The ruler of Dubai has been ordered to shell out the UK's largest-ever divorce settlement after his now-ex wife claimed she was “terrified” of him.
Sheikh Mohammed bin Rashid Al Maktoum has been told to pay an initial amount of around £550 million to former wife Princess Haya bint al-Hussein and their two children, with the grand total eventually coming to an eye-watering £1.4 billion.
But Judge Philip Moor clarified that this isn't just a standard divorce payout, but a form of protection for the trio against the “grave risk” Sheik Mohammed poses to them.
Judge Moor said: “She is not asking for an award for herself other than for security.
“The main threat they face is from (the sheikh) himself not from outside sources.
“There will remain a clear and ever present risk to (Haya) for the remainder of her life, whether it be from (Mohammed) or just from the normal terrorist.”
Princess Haya, 47, escaped from the UAE England in April 2019 alongside her two children.
At the time she claimed she was “terrified” of her husband, who later carried out a campaign of “threats and intimidation” that made her feel “unsafe”, she claimed.
It was noted by the Judge that the sheikh had also previously “abducted and mistreated” two of his daughters from a previous marriage, too.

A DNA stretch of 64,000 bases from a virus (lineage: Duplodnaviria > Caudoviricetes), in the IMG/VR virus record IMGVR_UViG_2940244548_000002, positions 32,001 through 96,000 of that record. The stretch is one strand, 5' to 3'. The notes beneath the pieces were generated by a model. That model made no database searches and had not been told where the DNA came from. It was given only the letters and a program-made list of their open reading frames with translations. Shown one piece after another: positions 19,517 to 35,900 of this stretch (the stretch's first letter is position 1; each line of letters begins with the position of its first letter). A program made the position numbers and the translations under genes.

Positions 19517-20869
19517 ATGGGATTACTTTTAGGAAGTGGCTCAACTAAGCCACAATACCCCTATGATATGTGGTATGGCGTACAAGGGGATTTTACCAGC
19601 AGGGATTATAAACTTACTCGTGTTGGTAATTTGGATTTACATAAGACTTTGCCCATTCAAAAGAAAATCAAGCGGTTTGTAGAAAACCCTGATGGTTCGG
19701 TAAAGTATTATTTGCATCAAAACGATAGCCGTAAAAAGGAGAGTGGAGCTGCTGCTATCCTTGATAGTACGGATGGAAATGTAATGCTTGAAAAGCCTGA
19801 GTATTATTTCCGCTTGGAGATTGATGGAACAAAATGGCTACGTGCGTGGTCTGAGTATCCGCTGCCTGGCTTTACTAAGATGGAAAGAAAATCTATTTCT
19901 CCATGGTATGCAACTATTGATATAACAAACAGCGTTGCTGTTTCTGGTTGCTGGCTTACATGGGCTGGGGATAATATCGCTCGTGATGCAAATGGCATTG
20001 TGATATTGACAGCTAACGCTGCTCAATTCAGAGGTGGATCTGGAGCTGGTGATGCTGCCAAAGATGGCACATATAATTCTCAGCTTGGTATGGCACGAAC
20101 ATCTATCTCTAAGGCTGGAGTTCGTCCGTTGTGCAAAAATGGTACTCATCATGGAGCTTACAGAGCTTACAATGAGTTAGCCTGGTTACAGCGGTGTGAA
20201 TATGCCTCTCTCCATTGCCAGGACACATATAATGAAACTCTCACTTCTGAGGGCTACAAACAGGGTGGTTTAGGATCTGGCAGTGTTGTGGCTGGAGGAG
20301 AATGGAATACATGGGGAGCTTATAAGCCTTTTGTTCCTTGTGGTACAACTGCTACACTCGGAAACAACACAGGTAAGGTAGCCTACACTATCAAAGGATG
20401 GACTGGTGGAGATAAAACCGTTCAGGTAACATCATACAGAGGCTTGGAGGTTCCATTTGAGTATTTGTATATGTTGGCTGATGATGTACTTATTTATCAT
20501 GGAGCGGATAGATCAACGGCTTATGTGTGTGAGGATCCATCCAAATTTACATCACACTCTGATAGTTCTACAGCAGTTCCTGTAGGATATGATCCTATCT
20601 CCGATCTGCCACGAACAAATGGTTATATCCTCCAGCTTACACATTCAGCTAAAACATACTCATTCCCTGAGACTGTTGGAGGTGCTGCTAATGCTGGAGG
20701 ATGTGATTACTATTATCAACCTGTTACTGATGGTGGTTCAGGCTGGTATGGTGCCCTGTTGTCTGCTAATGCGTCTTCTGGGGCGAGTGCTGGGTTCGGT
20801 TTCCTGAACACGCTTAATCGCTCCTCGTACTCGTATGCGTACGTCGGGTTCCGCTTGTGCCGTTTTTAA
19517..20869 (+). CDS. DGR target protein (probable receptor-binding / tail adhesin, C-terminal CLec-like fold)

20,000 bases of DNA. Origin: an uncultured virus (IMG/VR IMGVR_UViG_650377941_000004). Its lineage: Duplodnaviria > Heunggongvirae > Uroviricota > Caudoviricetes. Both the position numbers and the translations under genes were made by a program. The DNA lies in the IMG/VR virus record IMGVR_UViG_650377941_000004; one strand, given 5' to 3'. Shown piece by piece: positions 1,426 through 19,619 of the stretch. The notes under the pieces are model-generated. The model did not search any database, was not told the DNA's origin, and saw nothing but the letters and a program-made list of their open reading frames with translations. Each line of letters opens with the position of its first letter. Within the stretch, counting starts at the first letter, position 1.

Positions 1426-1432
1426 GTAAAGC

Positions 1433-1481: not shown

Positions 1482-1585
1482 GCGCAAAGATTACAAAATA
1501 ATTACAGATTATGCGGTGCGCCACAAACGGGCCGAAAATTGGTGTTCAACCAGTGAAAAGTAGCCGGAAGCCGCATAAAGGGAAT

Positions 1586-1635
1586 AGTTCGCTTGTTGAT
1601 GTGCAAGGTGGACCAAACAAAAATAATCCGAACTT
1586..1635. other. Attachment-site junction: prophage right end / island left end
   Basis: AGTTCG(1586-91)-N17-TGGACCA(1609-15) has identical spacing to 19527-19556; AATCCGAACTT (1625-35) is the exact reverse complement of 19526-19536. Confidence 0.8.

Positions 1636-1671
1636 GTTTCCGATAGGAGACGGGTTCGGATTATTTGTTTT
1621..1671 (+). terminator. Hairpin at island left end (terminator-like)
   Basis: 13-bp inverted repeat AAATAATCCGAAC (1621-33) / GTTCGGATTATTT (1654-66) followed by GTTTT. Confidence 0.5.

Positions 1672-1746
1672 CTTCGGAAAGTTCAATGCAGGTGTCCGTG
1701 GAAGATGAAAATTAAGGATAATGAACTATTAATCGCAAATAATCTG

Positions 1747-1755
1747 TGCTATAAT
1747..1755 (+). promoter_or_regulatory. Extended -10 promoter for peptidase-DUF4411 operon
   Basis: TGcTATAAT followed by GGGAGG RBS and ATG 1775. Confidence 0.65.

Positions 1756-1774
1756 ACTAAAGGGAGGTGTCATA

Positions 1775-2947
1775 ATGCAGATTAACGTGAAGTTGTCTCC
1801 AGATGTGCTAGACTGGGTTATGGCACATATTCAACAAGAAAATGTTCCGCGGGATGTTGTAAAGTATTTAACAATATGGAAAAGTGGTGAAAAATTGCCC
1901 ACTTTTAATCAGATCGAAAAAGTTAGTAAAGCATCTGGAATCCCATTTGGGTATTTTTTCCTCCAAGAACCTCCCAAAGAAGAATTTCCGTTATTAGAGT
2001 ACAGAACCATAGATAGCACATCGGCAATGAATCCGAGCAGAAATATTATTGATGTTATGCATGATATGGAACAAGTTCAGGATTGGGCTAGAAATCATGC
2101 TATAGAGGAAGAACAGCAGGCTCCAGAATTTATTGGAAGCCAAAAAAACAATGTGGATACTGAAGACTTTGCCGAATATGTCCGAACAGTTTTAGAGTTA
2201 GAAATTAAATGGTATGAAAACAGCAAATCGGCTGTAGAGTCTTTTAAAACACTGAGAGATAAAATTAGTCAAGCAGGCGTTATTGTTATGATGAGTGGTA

And to make the settlement even more eye-watering, the sheikh, who is also vice president and prime minister of the United Arab Emirates, was told to provide compensation for possessions she said that she has lost as a result of the breakdown of the marriage.
A one-off payment of £251.5m within three months will be paid to help the princess, who lives in Kensington, with the maintenance of her mansions in the UK.
This will also cover costs of her jewelry, racehorses and future security.
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He was also ordered to pay another £3m to pay for the education of Jalila, 14, and Zayed, 9 – the couple's two children – as well as £9.6m in arrears.
An £11.2m a year payment for the children's maintenance will also be set up, which will be guaranteed by a £290 million security bond held by HSBC bank.
The full total of the settlement is £1.4 billion.
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